A REFLECTION FROM THE EARLY CHURCH FATHERS
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“Lessons on Love & Hate.”
You tear yourself apart by hating, by an anonymous early author from the Greek church.
“We have seen how murder is born from anger and adultery from desire.
In the same way, the hatred of an enemy is destroyed by the love of friendship. Suppose you have viewed a man as an enemy, yet after a while he has been swayed by your benevolence. You will then love him as a friend.
I think that Christ ordered these things not so much for our enemies as for us: not because enemies are fit to be loved by others but because we are not fit to hate anyone. For hatred is the prodigy of dark places. Wherever it resides, it sullies the beauty of sound sense.
Therefore not only does Christ order us to love our enemies for the sake of cherishing them but also for the sake of driving away from ourselves what is bad for us.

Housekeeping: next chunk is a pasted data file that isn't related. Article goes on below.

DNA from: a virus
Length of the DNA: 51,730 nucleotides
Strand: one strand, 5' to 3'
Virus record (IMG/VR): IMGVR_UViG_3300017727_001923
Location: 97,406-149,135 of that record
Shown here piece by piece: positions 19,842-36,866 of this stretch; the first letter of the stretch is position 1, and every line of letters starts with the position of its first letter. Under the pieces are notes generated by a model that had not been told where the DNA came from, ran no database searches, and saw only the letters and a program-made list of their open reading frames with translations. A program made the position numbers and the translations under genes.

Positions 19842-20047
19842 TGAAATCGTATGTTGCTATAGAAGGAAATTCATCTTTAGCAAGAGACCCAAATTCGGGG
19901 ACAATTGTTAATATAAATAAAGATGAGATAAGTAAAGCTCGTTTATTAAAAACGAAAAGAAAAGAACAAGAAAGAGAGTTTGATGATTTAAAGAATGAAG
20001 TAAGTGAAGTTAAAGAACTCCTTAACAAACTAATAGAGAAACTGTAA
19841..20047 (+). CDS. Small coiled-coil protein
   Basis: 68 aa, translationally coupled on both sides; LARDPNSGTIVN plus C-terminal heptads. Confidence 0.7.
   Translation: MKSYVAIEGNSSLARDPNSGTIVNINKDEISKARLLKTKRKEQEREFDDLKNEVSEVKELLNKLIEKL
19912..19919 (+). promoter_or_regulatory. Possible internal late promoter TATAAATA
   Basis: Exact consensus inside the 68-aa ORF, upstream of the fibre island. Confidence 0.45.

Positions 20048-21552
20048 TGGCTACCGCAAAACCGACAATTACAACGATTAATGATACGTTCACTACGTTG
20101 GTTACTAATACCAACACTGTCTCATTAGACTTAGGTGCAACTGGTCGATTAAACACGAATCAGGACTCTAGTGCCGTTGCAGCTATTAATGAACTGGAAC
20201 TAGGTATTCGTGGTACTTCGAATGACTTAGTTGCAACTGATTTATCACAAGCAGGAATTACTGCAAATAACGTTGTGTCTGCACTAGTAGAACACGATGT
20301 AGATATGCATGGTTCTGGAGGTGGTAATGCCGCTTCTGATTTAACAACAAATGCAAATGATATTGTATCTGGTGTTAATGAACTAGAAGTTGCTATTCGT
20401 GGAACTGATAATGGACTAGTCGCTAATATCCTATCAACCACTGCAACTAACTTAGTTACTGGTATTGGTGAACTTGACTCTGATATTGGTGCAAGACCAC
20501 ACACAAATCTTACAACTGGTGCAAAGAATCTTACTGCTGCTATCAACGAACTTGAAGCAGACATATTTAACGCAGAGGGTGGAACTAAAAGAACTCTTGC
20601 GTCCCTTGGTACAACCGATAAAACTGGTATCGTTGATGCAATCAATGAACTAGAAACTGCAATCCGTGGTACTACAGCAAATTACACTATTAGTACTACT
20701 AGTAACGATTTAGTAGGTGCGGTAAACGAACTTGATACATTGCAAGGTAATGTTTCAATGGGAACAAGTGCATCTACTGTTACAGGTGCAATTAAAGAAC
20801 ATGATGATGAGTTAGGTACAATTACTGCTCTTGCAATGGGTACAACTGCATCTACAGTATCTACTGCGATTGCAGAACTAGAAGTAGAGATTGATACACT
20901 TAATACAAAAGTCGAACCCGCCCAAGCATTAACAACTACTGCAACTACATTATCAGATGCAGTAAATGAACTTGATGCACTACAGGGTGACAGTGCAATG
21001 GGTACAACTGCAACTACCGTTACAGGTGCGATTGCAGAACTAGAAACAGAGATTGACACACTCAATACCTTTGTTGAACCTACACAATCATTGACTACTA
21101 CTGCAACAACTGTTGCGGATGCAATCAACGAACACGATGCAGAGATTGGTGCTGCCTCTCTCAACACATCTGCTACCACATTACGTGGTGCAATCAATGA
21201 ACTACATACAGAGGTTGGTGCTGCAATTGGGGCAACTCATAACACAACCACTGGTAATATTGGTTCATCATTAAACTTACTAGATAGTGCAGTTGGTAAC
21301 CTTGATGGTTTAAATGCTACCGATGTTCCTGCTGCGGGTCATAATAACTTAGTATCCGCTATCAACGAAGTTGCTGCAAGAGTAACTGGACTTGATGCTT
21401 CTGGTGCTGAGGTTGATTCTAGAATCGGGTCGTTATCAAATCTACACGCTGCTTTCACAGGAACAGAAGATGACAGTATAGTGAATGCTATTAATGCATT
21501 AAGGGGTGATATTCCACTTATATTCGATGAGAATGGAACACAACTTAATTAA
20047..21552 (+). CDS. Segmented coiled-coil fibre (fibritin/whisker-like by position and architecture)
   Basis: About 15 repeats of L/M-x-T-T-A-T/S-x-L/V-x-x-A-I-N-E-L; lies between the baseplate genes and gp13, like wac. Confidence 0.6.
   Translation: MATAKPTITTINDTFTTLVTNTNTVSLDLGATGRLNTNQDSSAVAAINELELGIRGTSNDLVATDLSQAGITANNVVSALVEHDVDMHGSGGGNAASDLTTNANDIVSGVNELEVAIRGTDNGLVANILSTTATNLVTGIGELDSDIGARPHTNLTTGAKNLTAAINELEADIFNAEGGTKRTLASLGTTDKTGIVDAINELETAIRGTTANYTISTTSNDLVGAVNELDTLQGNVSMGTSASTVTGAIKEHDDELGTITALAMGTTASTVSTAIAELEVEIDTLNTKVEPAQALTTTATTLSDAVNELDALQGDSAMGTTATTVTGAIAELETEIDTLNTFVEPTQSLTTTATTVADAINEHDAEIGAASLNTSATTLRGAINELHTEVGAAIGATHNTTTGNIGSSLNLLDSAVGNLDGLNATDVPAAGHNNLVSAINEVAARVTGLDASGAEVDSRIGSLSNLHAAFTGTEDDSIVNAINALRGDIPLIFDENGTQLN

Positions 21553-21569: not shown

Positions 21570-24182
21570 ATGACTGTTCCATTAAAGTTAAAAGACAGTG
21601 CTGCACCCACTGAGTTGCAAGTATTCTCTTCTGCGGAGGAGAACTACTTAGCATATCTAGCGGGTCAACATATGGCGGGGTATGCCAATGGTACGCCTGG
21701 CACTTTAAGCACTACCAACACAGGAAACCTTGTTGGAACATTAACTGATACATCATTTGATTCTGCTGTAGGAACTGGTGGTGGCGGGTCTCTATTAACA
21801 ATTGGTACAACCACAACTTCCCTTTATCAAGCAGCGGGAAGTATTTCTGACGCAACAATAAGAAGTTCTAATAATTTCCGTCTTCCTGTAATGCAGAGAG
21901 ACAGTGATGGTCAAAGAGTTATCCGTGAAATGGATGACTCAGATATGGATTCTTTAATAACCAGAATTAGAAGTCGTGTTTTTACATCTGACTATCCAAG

The Mosaic law does not speak about physically hurting your enemy but about hating your enemy. But if you merely hate him, you have hurt yourself more in the spirit than you have hurt him in the flesh. Perhaps you don’t harm him at
all by hating him. But you surely tear yourself apart. If then you are benevolent to an enemy, you have rather spared yourself than him. And IF YOU DO him A KINDNESS, YOU BENEFIT YOURSELF MORE than him.” (Excerpt from INCOMPLETE WORK ON MATTHEW, HOMILY 13, The Greek Fathers)